The biggest challenge with the library (other than being a bit buggy) is that it has poor to no documentation! Anyways, thanks to Eclipse and Java debugging, it was actually not that hard to get it to work. So here goes…

Mavenizing J2SSH Fork

This section only applies if the project is being set up as a Maven project. If other dependency management mechanisms are being used, feel free to get the latest version of J2SSH or J2SSH Fork and skip this section.

Two versions of J2SSH are currently available on public Maven repositories: 0.2.2 on the Central Repo (sshtools:j2ssh-daemon:jar:0.2.2) and 0.2.7 on JBoss third party releases repository (sshtools:j2ssh-daemon:jar:0.2.7). The latest release of J2SSH from the original Sourceforge project is 0.2.9 from September 2007 and the latest from J2SSH fork is 0.3.1 (the jars are in the SVN repository, not in the downloads page).

The POMs of the two versions in the public subversion repositories are incomplete – they do not have the dependencies set up properly. J2SSH daemon depends on J2SSH Core and J2SSH Core. One way is to manually add all three as (test) dependencies in your Maven project and not have to worry about the latest version. Though not tested 0.2.2 or 0.2.7 should work fine for this test.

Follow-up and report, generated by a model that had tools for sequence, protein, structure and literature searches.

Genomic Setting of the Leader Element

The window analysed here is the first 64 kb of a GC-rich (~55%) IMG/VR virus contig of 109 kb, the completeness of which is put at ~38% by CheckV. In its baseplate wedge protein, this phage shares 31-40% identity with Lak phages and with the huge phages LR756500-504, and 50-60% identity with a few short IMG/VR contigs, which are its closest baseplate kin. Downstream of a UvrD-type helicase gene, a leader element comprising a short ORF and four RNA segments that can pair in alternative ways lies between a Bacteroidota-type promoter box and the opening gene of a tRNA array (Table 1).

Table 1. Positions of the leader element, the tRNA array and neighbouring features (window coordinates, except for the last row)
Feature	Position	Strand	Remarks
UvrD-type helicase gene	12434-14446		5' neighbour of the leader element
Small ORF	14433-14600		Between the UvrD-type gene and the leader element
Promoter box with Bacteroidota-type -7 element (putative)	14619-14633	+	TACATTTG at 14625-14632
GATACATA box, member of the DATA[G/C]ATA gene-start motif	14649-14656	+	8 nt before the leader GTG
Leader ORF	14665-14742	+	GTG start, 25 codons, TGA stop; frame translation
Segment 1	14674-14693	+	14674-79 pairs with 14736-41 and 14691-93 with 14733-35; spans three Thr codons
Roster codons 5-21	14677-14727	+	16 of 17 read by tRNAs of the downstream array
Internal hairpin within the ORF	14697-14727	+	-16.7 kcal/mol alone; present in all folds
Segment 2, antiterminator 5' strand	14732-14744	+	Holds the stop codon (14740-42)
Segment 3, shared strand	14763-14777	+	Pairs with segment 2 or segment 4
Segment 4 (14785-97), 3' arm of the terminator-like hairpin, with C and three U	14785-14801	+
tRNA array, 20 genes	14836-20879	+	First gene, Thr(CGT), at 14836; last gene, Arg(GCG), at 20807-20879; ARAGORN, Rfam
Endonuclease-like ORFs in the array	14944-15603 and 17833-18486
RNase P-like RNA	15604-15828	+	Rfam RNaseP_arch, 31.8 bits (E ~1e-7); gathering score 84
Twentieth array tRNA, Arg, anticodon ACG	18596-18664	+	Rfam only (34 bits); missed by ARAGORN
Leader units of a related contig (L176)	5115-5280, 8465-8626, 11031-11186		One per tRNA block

I wanted to use 0.3.1, but it was not in Maven, and I went ahead and mavenized the project. A core j2ssh-fork pom project with 4 modules generating the 4 jars similar to the 0.3.1 distribution but with correct pom dependencies and source/javadoc jars. I have not decided if or where I will publish it. Might have to put the distribution repo up somewhere for Infix use though.

J2SSH Daemon Configuration

From the available documentation and code inspection, the easiest way to configure J2SSH was using XML configuration files. The configuration files are not documented, but their structure can be inferred from the J2SSH daemon configuration beans. The sample configuration is available here.

I wanted to be able to configure the server daemon dynamically and not have them read configuration from the launch directory (as the example code did). For my requirements, I only needed to configure the server and the platform. And since I needed to generate XML files in the end, I decided to use JAXB beans to represent the server and platform configuration. The code is in the infix SVN repository, see ServerConfiguration and PlatformConfiguration. The other configurations are used as is from the J2SSH fork project.